Hackers are becoming more sophisticated these days, as their techniques and tools evolve. So far in 2021, nearly 281.5 million people have been affected by some sort of data breach. With the Covid-19 pandemic, many of you are working from home, leaving you more vulnerable to spyware, especially if you are off your company’s network. Malicious hackers will usually entice you by sending you an email, asking you to click a link to claim a prize or falsely stating that your information has been compromised. At first glance, these links seem legit but are often routed to devious websites that put your personal information at risk. If you suspect your identity is stolen, follow these steps.
Change All of Your Passwords
If your identity has been stolen, change your passwords immediately. Even though your information has already been compromised, you never know what else they could be searching for. Most importantly, if you find yourself clicking a link with a suspicious URL (learn how to identify these here) once again, change all of your passwords immediately.
Call your bank and put a freeze on any credit or debit cards as soon as you can. Additionally, most online retailers have the option of setting up accounts on their websites. Their sites will remember your personal information for the sake of an easy checkout experience when shopping. Notify those companies as well, so they can walk you through the proper steps for removing your information.
File a Police Report
Although difficult, providing detailed information about the fraudulent activity may help police track down the people responsible. Regardless, it’s good to have a paper trail of your personal information being compromised in case your information becomes associated with any crimes. Some creditors may even require you to file a report to help you fix your credit history.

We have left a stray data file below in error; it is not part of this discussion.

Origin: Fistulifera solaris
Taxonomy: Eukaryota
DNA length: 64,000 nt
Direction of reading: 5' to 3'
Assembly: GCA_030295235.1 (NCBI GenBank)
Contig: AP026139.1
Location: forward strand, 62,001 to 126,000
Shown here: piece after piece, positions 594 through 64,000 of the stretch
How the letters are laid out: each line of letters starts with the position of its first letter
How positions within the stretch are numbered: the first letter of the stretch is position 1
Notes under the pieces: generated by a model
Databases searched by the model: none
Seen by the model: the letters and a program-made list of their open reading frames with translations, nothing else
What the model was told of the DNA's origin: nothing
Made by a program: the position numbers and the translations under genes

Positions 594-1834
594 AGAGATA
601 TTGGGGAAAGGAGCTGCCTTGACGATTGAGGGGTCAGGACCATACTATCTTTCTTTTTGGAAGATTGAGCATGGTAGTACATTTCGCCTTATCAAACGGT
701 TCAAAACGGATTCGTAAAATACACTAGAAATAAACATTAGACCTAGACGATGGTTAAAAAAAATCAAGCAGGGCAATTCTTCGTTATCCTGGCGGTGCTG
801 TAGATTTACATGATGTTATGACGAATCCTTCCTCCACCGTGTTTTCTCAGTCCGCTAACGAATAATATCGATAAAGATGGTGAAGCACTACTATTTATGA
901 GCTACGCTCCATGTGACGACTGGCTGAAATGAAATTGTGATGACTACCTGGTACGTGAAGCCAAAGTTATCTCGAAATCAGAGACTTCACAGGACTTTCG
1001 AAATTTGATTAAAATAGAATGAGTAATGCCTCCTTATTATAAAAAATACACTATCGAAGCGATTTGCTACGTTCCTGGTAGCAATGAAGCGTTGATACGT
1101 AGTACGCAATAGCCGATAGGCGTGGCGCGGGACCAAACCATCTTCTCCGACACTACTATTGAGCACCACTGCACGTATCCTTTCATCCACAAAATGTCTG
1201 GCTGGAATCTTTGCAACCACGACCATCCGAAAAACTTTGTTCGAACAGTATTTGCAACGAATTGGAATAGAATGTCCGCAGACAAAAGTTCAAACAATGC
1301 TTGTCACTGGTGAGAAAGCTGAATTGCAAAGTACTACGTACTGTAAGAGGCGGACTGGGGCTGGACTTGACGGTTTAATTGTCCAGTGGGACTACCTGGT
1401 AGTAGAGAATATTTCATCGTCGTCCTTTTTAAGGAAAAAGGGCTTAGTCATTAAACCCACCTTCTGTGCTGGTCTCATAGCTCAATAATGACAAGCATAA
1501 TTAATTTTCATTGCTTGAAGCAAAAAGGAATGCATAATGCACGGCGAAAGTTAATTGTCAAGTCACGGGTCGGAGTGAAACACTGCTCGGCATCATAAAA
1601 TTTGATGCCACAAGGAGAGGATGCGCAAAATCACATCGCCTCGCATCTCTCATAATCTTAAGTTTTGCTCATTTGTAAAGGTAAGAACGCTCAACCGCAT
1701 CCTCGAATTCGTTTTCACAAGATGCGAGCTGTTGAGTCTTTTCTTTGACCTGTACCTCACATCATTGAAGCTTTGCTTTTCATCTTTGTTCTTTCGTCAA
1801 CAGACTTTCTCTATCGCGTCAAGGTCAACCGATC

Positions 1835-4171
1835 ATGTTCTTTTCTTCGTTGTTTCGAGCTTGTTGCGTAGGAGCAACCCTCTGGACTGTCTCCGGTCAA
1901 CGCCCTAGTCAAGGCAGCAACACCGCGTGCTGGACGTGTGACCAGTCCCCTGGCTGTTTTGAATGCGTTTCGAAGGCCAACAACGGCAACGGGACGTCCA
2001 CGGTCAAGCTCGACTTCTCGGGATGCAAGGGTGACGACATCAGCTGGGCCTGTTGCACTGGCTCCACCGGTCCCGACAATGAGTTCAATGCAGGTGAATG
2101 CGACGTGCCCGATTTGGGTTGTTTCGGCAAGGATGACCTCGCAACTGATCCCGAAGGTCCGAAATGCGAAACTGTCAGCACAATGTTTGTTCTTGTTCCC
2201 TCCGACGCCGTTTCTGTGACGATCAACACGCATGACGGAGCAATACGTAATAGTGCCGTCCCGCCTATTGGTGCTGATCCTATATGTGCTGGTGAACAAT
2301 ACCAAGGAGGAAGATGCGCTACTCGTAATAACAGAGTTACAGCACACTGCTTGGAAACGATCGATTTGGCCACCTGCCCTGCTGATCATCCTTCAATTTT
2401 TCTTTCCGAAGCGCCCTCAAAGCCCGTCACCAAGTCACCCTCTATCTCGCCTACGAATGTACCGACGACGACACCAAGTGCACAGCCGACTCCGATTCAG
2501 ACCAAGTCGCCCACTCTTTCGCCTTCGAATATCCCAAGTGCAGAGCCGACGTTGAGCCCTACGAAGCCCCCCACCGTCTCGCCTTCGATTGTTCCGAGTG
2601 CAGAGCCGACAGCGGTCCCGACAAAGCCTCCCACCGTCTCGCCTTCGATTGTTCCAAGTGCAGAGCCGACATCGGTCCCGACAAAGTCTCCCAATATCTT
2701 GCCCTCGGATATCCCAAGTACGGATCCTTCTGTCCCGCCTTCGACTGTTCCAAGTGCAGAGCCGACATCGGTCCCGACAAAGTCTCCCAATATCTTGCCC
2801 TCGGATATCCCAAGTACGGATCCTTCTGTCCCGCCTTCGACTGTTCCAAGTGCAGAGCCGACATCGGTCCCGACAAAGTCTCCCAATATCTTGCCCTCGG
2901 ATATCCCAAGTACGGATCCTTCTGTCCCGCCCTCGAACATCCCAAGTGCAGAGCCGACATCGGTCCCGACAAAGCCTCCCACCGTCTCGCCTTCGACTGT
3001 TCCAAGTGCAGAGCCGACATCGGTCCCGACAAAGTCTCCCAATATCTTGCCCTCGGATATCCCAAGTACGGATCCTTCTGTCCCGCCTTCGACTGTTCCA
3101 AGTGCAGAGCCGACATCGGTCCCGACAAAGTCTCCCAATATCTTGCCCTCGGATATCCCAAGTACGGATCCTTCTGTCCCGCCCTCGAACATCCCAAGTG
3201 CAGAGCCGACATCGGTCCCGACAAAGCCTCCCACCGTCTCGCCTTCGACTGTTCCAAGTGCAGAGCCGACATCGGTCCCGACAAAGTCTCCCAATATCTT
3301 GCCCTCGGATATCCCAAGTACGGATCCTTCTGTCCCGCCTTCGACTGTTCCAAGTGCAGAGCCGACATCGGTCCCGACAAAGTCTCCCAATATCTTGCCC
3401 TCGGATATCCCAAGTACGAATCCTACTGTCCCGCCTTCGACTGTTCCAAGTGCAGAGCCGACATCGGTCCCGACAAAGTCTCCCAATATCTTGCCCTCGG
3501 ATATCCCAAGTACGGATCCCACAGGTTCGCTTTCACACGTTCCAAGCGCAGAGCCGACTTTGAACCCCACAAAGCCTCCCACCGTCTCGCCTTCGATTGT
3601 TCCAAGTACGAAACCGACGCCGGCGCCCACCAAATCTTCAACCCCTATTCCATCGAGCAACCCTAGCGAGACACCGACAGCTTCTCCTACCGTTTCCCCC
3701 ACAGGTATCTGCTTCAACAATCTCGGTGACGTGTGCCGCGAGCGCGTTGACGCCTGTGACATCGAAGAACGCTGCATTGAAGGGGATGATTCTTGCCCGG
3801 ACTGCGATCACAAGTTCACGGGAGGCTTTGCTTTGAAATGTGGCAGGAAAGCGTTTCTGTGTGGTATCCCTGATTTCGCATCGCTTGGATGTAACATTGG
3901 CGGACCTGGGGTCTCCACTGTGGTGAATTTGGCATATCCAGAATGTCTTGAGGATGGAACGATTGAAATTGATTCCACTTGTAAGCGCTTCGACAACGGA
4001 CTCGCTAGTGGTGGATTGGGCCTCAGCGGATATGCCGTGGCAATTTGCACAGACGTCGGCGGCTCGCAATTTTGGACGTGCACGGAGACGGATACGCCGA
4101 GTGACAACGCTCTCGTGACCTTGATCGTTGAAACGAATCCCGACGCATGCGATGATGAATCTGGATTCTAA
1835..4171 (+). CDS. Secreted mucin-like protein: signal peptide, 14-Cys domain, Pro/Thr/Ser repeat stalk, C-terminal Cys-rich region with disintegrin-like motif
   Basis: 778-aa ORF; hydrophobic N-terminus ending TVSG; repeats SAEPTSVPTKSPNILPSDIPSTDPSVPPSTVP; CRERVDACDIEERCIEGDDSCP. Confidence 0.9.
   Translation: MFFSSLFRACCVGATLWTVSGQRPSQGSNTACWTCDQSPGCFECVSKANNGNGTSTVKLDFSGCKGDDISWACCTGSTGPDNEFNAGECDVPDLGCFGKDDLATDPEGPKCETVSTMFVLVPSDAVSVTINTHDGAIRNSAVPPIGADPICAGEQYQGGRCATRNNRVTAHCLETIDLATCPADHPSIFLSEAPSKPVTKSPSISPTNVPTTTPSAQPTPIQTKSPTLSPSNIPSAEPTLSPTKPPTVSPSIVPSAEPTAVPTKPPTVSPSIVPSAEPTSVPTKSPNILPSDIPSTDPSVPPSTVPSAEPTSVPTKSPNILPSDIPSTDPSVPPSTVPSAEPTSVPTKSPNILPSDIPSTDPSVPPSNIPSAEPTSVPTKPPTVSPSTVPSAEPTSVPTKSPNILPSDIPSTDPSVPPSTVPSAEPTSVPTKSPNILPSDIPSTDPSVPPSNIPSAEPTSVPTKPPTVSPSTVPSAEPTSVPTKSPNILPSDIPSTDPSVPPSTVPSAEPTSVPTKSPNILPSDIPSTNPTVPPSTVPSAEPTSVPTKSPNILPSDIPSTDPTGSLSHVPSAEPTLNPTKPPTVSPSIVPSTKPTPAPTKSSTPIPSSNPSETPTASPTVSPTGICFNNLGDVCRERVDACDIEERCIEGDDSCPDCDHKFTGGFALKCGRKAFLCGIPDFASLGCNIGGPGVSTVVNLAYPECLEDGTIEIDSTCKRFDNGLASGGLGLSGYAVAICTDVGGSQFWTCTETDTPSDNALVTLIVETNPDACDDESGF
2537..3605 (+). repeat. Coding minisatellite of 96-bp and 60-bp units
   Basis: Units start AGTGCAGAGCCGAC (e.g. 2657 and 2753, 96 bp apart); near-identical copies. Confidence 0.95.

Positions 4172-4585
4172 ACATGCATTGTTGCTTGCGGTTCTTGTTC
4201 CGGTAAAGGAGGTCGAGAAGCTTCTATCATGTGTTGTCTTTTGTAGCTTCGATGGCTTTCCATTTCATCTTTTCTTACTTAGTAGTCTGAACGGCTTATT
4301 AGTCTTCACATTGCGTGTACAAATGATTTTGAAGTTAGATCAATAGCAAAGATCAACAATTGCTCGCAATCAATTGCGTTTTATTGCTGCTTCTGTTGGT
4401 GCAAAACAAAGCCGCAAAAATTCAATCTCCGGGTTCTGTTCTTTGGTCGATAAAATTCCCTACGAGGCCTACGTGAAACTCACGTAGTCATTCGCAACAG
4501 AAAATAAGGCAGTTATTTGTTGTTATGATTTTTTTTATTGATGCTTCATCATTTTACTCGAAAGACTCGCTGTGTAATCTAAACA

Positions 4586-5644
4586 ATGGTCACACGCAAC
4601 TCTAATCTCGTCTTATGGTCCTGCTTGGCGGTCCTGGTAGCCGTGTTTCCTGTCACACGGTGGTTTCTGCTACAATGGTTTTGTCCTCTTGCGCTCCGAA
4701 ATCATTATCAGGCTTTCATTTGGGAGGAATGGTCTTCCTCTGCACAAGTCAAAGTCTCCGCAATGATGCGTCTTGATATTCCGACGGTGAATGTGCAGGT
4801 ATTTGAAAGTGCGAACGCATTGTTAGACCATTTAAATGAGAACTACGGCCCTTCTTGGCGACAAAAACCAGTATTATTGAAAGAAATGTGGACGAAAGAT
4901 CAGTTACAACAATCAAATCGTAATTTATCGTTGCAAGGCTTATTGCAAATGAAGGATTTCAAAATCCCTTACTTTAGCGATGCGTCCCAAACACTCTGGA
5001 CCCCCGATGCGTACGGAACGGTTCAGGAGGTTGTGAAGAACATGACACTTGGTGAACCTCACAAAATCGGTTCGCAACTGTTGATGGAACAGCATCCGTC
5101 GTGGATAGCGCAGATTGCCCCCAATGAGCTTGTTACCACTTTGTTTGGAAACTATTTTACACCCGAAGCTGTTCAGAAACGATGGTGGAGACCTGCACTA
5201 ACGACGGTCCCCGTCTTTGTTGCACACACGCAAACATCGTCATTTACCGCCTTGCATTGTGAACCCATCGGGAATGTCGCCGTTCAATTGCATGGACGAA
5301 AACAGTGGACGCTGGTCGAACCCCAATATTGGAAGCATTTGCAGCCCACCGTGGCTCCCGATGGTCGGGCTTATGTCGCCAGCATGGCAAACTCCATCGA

Place a Fraud Alert on Your Credit Reports
Experian, Equifax, and TransUnion are three of the major credit bureaus you should call regarding any fraud involving your name and accounts. This will alert any creditors to look at inquiries more closely, to ensure it is you requesting them. It’s free to place a one-year fraud alert on your accounts and will give you peace of mind that it won’t happen again.
- Equifax Alerts: 800-525-6285
- Experian Fraud Center: 888-397-3742
- TransUnion Fraud Alert: 888-909-8872
Ask for Copies of Your Credit Report
Once you have placed the alert and notified your banks, ask for a copy of your credit report. Take a thorough look at it to make sure everything looks okay. If you find transactions you don’t recognize, take the proper steps (below) to remedy them.
File a Credit Dispute
If you suspect someone has filed a tax return using your information, you will need to fill out Form 14039 with the IRS. If you suspect that someone has taken a loan out under your name, you will need to report it by visiting identitytheft.gov. Sending letters via or filing disputes online are two easy options. Be sure to include each item you are challenging, explain in detail why you are challenging them, and request that it be removed. They will then adjust the information or obtain further information from the business. Filing disputes are free of charge.
Getting your identity stolen is a stressful and disruptive problem. Luckily, there are many resources out there to help get your personal information and finances back on track. The important thing is to follow these steps as soon as possible and document as much information as you can. PeoplesFinders isn’t just a comprehensive collection of public records–it’s also a tool made for easy access to information that you are entitled to. Contact us to learn more about our memberships.